I’m back in the blue, that is to say the blue jeans. I love the bookstore, but my family needs more cash, so I go to work. Working with my hands is in my blood. I come from a long line of manual workers, from farm to factory to trucking. We all love to read.
My grandmother had worked in the glass factory for so many years that the new management thought she had come with the place. Once upon a time, my grandmother, my mother, my uncle and I all worked in the factory at the same time. We worked different shifts, different departments, but all were part of the process.
I had read about my breaks, or “benny” as they were often called in factory slang. I also read before my shift. If you had to relieve someone, it was rude to be late, that person wants to go home. So, I would be early so as not to be late, and I would read a little before the shift. Often I joke that I’ve done more reading at the factory than I ever had as a bookseller.
When I returned to work in September 2021, more than fifteen years after my last position at the factory, I also started bringing a book to work. The question was, “what do I bring?”
People judge you on the books you read. I didn’t want anything too intellectual, too weird, too controversial or too mean. Something I might enjoy, but almost anyone else might as well.
It’s not difficult with all my years of experience in the bookstore. This column is going to give you some solid suggestions that you can use for yourself or for the casual reader in your life.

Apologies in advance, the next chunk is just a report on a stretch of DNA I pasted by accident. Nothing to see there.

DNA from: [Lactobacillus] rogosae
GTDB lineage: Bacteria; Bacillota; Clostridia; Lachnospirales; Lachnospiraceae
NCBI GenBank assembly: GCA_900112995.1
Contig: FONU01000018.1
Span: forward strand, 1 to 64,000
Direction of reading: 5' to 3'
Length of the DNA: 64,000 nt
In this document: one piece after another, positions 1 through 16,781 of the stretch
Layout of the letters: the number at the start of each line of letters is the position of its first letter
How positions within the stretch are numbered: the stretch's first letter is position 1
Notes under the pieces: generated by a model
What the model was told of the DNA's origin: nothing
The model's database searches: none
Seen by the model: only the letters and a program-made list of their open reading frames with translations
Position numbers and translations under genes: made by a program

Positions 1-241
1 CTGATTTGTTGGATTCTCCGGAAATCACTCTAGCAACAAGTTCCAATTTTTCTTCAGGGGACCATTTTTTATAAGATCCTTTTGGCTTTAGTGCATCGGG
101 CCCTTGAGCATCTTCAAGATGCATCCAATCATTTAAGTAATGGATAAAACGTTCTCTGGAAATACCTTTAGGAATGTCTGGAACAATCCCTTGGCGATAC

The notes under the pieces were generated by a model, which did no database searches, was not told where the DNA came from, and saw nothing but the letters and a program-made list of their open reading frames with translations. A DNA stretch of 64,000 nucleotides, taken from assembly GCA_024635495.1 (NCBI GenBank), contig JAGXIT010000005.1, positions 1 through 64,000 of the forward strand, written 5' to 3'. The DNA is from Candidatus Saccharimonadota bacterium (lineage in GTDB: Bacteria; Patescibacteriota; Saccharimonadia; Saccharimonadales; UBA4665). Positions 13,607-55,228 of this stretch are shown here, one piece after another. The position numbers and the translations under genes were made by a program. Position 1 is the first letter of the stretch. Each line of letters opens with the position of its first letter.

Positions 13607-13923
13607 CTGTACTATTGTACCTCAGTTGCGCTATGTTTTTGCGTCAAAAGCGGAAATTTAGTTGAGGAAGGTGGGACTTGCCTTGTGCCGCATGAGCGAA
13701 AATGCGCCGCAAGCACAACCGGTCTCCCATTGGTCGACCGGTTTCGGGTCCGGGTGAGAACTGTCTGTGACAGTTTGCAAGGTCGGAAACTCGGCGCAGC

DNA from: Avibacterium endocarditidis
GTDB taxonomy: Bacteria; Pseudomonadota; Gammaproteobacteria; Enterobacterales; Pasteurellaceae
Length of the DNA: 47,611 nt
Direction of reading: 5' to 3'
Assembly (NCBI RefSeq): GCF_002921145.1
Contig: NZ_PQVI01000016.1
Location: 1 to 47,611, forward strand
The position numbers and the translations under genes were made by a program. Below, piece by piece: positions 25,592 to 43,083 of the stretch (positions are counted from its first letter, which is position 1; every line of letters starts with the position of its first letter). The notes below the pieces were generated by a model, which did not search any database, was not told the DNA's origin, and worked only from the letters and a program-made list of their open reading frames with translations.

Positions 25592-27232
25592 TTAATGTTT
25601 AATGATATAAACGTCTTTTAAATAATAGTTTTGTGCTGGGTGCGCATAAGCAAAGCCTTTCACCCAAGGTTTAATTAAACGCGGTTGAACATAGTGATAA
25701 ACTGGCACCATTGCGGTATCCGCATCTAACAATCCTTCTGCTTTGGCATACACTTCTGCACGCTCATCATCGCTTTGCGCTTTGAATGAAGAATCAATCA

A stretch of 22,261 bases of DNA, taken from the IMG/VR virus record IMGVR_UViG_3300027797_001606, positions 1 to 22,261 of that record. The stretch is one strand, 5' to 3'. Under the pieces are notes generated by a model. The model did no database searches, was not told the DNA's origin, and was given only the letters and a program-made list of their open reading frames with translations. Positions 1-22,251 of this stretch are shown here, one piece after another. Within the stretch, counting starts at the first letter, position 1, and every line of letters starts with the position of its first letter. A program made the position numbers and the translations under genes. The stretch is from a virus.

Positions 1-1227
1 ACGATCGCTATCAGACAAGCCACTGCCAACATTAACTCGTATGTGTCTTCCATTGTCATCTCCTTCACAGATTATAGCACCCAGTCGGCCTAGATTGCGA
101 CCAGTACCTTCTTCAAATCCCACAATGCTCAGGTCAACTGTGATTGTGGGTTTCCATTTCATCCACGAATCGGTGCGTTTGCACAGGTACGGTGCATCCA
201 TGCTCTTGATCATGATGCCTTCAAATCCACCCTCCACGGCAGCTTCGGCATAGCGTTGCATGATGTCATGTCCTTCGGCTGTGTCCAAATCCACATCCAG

The first book I chose was, “Last of the Breed” written by American West storyteller, Louis L’Amour. Love was a favorite of my father. I’ve never been a big western reader, but I remember buying it for Christmas in the late 80s for my dad. It was by one of his favorite authors, and something I might want to read too.
I’m glad I picked up this reissue of that L’Amour classic that you may have missed. It starts with US Air Force Major Joe Mack. His experimental plane is forced to land in Soviet Russia. He escapes from prison, but he is in the vastness of Siberia.
Joe Mack must find his way out of the wilderness and survive without revealing his presence to those who pursue him, including a legendary native tracker. Joe will have to use all his training as well as the woodworking that his grandfather taught him.
I loved this book. Written while the Cold War with the Soviets was still hot. It was a simpler time and it’s a simple plot. Joe is in and he has to get out. Is he? Read this fucking book and find out. If you like action, you won’t be disappointed.
Back-to-work tip: If you don’t have a locker, try packing your book in a plastic bag to put in your lunch bucket.